FastCompancy, from the interview with Kaiann Drance, Apple’s VP of worldwide iPhone product marketing, and Ron Huang, senior director of sensing and connectivity:
AirTags don’t rely on an internet connection of their own. Instead, they piggyback off of a network of almost a billion iOS devices and Macs already out in the world. Each AirTag sends out a unique encrypted Bluetooth identifier; other Apple devices can detect it and relay the location of the AirTag directly to an owner’s Apple ID account.
This entire process is end-to-end encrypted so that no one but the owner of the AirTag—not the owners of the crowdsourced devices picking up the AirTag’s location or even Apple itself—ever has access to the AirTag’s current or past location. And the Bluetooth identifiers that AirTags emit are not only randomized but “are rotated many times a day and never reused so that as you travel from place to place with the AirTag, you cannot be re-identified,” Huang says.
The AirTag owner can never see which devices its AirTag’s location is pinging off of or who owns those devices.
Every AirTag has a unique serial number printed on it, but the identity of the owner cannot be derived from that number unless that owner activates the AirTag’s Lost Mode. That’s a toggle in the Find My app that marks your AirTag as lost. Once you’ve toggled that option on, someone who finds your lost AirTag can then scan it with any NFC-equipped device (such as an iPhone or Android phone) to display a web URL prompt on that device. Tapping on the prompt will take the finder of your AirTag to an Apple support page featuring the AirTag’s unique serial number and—if the AirTag owner so chooses—the phone number of the AirTag’s owner so the finder can call or text.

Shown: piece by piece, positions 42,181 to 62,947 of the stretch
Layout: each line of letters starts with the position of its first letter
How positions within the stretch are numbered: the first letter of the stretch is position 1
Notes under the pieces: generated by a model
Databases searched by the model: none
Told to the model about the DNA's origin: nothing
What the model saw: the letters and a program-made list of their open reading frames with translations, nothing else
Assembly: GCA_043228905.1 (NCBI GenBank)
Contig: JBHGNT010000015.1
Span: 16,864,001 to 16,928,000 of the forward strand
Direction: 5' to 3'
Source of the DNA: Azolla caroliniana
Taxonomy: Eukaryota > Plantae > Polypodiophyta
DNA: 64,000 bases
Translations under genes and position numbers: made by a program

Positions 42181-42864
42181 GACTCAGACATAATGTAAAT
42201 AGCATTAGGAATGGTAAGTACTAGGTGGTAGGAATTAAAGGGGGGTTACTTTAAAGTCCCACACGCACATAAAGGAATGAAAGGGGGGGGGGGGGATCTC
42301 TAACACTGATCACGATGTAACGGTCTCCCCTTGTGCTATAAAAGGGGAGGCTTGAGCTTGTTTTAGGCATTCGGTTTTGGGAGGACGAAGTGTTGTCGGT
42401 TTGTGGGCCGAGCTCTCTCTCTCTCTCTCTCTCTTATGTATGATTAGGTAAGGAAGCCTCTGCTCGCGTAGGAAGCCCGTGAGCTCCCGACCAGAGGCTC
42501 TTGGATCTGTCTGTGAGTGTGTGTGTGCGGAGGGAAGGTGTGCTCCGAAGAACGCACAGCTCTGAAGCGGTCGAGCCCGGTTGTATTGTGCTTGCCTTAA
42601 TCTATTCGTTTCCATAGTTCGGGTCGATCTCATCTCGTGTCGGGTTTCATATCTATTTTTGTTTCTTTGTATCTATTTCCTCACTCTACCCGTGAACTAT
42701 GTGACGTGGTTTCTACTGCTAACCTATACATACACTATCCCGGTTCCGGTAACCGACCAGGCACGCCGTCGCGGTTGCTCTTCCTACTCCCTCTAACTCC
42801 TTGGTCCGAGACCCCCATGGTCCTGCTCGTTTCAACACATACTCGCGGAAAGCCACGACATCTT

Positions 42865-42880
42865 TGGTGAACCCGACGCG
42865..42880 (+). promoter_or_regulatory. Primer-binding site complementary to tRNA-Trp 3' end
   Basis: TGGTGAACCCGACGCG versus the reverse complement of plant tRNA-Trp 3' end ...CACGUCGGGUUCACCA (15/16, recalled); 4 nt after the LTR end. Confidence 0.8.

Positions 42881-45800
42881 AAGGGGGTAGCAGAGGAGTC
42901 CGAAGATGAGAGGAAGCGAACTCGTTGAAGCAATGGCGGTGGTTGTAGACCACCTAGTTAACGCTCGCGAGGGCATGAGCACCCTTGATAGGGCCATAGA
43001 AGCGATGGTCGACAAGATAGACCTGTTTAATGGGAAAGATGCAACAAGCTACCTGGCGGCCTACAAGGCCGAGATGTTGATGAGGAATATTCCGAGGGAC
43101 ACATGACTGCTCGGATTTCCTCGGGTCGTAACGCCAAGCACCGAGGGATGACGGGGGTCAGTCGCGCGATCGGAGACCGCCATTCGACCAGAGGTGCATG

If you’re an iPhone owner running iOS 14.5 or later and someone slips an AirTag into your possession in secret in order to track your movements, your iPhone will warn you this has happened by sending you an “AirTag Found Moving With You” notification. This notification will appear only when an AirTag is following you that is not paired with your Apple ID or another iPhone that is in your vicinity. That distinction is critical so that your iPhone won’t be notified of AirTags that, for instance, belong to other people on the same bus you’re riding.
This whole interview is a riveting read, full of insight into how AirTags work and showing off how much thought Apple put into the privacy and safety aspects. Learned a lot reading this.